A magazine for friends of the Warren Alpert Medical School of Brown University.

A Banner Year for Family Medicine


From clinical variety to serving the community, graduates explain why they chose the specialty.

Noon, March 16: Match Day at the Warren Alpert Medical School. Excited students flocked to form lines to receive their red envelopes with their residency match results. While their loved ones and friends cheered, balloons descended from above to mark the highly celebrated annual event.

This day was different from previous matches for the Department of Family Medicine. This year the Medical School is sending 14 students—a record number—into the field of family medicine. “This is the highest number of students from the Warren Alpert Medical School entering family medicine since the year 1996,” Jeffrey Borkan, MD, PhD, chair of the Department of Family Medicine, says. “We hope that this is the beginning of a trend.”

To help understand why interest was so high this year and to promote the specialty among other students, the Family Medicine Interest Group invited five of the recently matched students to share their reasons for entering the specialty with 20 prospective Warren Alpert medical students.

I was drawn to family medicine because I liked both obstetrics and emergency medicine. In some places where you’re the town doctor, you have to be ready for anything. I have met family doctors who had to perform breech deliveries or manage an intubated patient on a ventilator when there was no other help available. I am heading to the Ventura County Medical Center residency in California.

Ellen Richardson ’14 MD’18, who is bound for the Family Medicine Residency of Idaho in Boise, said of her choice, “For me it is really the philosophy of family medicine and the idea that you are committed to serving a community and whatever the community needs you can fill the role for them.”

The panelists also said that being a family medicine physician would allow them to provide a comprehensive range of care, from managing chronic disease to practicing obstetrics and critical care. “If you want to do primary care, family medicine is essentially the best training in that,” Patrick Kelley MD’18, who matched at the Strong Memorial Family Medicine Residency, in Rochester, NY, said. “You will never have nearly as many outpatient visits in your residency unless you do family medicine.”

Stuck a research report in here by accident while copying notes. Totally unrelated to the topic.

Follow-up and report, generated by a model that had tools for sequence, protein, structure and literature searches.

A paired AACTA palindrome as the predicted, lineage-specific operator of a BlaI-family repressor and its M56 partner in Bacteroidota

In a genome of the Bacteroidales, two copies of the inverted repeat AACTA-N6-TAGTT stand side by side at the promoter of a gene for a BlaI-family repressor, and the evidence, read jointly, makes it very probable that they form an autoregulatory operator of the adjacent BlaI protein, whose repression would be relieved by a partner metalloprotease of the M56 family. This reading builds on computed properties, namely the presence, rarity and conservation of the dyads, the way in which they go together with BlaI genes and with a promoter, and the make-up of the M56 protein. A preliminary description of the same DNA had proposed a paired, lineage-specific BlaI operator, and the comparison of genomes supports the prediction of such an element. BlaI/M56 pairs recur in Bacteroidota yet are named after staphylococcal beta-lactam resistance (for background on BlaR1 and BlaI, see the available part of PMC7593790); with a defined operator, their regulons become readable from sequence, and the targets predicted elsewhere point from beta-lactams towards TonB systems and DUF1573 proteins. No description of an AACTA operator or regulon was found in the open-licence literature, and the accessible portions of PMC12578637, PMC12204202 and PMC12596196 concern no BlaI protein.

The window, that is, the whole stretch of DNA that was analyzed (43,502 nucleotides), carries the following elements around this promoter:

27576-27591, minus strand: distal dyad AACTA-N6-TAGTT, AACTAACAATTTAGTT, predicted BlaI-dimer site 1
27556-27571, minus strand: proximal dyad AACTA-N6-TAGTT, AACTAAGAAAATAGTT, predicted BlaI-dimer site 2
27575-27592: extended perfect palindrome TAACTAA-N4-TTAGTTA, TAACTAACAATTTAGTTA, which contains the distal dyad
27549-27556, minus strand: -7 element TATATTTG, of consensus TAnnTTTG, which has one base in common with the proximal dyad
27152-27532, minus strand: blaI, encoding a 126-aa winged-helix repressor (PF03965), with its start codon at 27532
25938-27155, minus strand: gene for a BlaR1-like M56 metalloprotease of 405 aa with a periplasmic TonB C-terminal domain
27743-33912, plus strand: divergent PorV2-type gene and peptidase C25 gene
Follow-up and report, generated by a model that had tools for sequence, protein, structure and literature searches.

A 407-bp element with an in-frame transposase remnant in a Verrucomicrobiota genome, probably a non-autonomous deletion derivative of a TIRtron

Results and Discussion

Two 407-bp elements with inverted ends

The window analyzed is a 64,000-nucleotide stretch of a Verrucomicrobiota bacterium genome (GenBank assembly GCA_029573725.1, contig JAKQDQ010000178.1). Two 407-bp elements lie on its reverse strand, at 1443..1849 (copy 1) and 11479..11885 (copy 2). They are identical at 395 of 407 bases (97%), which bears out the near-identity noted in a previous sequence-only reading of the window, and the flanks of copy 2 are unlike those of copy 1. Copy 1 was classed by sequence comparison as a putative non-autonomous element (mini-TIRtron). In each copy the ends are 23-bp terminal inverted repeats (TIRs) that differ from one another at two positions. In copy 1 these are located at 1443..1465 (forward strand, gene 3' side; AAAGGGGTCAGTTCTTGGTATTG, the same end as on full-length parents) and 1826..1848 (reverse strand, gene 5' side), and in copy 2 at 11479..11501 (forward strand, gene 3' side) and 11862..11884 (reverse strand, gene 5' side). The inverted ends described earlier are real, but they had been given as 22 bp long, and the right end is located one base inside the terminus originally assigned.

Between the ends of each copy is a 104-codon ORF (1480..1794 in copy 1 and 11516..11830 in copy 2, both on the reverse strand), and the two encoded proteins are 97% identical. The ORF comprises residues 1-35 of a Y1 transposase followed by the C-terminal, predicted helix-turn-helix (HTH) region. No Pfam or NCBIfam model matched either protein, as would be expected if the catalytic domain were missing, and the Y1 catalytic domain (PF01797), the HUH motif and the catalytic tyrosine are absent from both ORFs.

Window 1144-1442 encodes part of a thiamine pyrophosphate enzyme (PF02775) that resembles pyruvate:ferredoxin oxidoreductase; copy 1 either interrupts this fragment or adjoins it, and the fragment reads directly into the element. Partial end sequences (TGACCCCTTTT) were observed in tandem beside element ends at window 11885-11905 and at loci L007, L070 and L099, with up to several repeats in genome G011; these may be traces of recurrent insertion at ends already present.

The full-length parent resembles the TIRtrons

Others said their interest in other medical specialties led them to choose family medicine. “For me, coming in, I was interested in primary care, but I was also super interested in psychiatry,” said Rachel Ellenbogen ’11 MD’18, who also matched at Strong Memorial. “There is a huge psychiatry component in family medicine and caring for people with chronic illness that I find rewarding. I think family medicine trains you to care for patients and treat them as people.”

A common reason for choosing the specialty was love for continuity of care and desire to accompany patients throughout their lives. “Continuity and building relationships are huge for me,” Reuben Baker MD’18, who is also going to the Family Medicine Residency of Idaho, said. “In family medicine you have the potential to serve an entire family. When someone is pregnant and delivers a baby, you don’t have to pass their care off to an obstetrician.” Other students agreed, citing how they were able to follow patients of all ages from the inpatient to outpatient settings during their family medicine rotations in medical school.

Social advocacy was yet another motivator. “Coming into medical school I always knew I was interested in primary care and leaning heavily toward family medicine,” Andrea Haynes MD’18 said. “I saw myself as a doctor with an interest in working with underserved communities and addressing health care disparities.” Haynes is headed to the College of Community Health Sciences, University of Alabama School of Medicine program in Tuscaloosa.

Richardson agreed. “You could be the doctor in the statehouse, and it gives you an opportunity to talk to politicians. Also there are family medicine residencies that can offer you the opportunity to participate in health policy concentrations,” she said.

Several rotations and electives in the Medical School’s curriculum helped the fourth-year students to make informed decisions about family medicine. Rotations at the Family Care Center in Pawtucket and sub-internships at The Miriam Hospital provided valuable insight into how family physicians embrace preventive health and the concept of holistic care. Many of the students mentioned how their rural family medicine rotation on Block Island showed them how family medicine is practiced in remote settings and what life as the town physician could be like.

The future of family medicine appears tied to the future of primary care. The Association of American Medical Colleges expects a shortage of primary care physicians over the next 10 years. The Warren Alpert Medical School has risen to the challenge of addressing this issue.

“There is hope moving forward that even more students at Brown will enter primary care specialties, including family medicine,” says Paul George ’01 MD’05 RES’08, assistant dean for medical education and associate professor of family medicine. The Primary Care-Population Medicine Program, of which he is director, offers students a medical degree and a Master of Science in Population Medicine.

“This program encourages students to go into primary care specialties and lead some aspect of health care,” he says. “It is my hope that we will also help alleviate a projected primary care physician shortage through this program.”


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